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Thursday, September 29, 2022

AI Lip Reading

Something I did not know. More privacy implications? 

AI is already better at lip reading that we are

People, on average, can only guess around one word out of five correctly.

By Andrew Tarantola, September 29, 2022 2:30 PM in engadget

In this article: hearing, Machine learning, NLP, feature, lip reading, hearing loss, tomorrow, ai

Looking ahead

They Shall Not Grow Old, a 2018 documentary about the lives and aspirations of British and New Zealand soldiers living through World War I from acclaimed Lord of the Rings director Peter Jackson, had its hundred-plus-year-old silent footage modernized through both colorization and the recording of new audio for previously non-existent dialog. To get an idea of what the folks featured in the archival footage were saying, Jackson hired a team of forensic lip readers to guesstimate their recorded utterances. Reportedly, “the lip readers were so precise they were even able to determine the dialect and accent of the people speaking.”

“These blokes did not live in a black and white, silent world, and this film is not about the war; it’s about the soldier’s experience fighting the war,” Jackson told the Daily Sentinel in 2018. “I wanted the audience to see, as close as possible, what the soldiers saw, and how they saw it, and heard it.”

That is quite the linguistic feat given that a 2009 study found that most people can only read lips with around 20 percent accuracy and the CDC’s Hearing Loss in Children Parent’s Guide estimates that, “a good speech reader might be able to see only 4 to 5 words in a 12-word sentence.” Similarly, a 2011 study out of the University of Oklahoma saw only around 10 percent accuracy in its test subjects.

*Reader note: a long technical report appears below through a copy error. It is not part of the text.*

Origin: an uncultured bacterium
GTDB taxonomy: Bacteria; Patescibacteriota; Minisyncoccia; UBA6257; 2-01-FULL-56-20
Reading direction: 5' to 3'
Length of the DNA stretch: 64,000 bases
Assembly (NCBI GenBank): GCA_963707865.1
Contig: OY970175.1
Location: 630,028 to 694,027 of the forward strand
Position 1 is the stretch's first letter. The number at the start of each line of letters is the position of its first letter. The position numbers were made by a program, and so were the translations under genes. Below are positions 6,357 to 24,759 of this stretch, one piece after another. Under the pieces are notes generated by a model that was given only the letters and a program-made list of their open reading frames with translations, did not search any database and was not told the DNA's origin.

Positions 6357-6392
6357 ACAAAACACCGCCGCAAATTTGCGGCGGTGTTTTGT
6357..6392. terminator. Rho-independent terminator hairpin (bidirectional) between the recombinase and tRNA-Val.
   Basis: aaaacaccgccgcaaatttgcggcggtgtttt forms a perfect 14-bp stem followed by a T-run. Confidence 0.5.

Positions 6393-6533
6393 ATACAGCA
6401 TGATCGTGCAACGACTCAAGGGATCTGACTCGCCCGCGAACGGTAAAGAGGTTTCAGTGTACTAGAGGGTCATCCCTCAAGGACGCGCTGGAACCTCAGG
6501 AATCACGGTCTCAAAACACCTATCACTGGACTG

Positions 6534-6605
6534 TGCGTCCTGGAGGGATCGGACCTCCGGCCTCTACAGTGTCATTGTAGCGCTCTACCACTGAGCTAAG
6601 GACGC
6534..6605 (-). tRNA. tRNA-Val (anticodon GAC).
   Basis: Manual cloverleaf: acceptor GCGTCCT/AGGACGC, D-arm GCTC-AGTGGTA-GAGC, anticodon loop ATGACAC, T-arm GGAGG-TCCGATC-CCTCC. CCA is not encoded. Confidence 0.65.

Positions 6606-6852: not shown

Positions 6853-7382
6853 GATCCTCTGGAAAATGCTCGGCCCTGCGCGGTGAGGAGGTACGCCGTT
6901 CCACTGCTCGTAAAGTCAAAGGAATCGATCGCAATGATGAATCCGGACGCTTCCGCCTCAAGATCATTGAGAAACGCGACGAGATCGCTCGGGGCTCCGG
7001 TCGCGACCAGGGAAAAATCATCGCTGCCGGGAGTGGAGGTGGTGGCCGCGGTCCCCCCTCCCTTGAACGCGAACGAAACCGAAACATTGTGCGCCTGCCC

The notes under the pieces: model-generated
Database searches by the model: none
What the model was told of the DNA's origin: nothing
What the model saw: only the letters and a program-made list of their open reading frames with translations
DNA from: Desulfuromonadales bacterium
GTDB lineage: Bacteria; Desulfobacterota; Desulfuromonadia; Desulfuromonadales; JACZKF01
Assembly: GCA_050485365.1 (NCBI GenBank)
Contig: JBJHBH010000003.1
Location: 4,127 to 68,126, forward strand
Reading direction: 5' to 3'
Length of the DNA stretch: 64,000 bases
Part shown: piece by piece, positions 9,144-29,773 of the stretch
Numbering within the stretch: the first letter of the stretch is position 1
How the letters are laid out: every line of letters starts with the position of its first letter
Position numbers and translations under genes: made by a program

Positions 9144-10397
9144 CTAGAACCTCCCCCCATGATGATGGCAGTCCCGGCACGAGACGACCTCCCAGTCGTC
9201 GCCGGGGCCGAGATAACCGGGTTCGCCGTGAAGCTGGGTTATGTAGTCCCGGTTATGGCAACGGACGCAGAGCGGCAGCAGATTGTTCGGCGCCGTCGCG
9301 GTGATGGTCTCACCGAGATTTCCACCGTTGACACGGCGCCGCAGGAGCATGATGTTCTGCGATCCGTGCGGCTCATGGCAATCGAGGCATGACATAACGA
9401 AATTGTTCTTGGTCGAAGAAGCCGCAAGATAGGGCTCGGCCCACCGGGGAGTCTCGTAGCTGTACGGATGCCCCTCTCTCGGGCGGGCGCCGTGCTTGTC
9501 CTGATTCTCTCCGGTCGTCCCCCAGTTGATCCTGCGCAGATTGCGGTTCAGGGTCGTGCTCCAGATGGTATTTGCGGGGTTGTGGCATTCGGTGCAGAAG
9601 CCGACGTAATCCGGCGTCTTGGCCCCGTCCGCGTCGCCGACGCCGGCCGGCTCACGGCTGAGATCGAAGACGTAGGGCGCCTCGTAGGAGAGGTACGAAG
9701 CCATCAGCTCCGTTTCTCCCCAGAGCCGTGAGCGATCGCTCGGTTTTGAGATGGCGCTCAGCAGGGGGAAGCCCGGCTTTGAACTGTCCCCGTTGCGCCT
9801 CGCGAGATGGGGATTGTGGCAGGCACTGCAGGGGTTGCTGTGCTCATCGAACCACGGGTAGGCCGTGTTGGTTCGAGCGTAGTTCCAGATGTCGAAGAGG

“Any individual who achieved a CUNY lip-reading score of 30 percent correct is considered an outlier, giving them a T-score of nearly 80 three times the standard deviation from the mean. A lip-reading recognition accuracy score of 45 percent correct places an individual 5 standard deviations above the mean,” the 2011 study concluded. “These results quantify the inherent difficulty in visual-only sentence recognition.”

For humans, lip reading is a lot like batting in the Major Leagues — consistently get it right even just three times out of ten and you’ll be among the best to ever play the game. For modern machine learning systems, lip reading is more like playing Go — just round after round of beating up on the meatsacks that created and enslaved you — with today’s state-of-the-art systems achieving well over 95 percent sentence-level word accuracy. And as they continue to improve, we could soon see a day where tasks from silent-movie processing and silent dictation in public to biometric identification are handled by AI systems. ....  '

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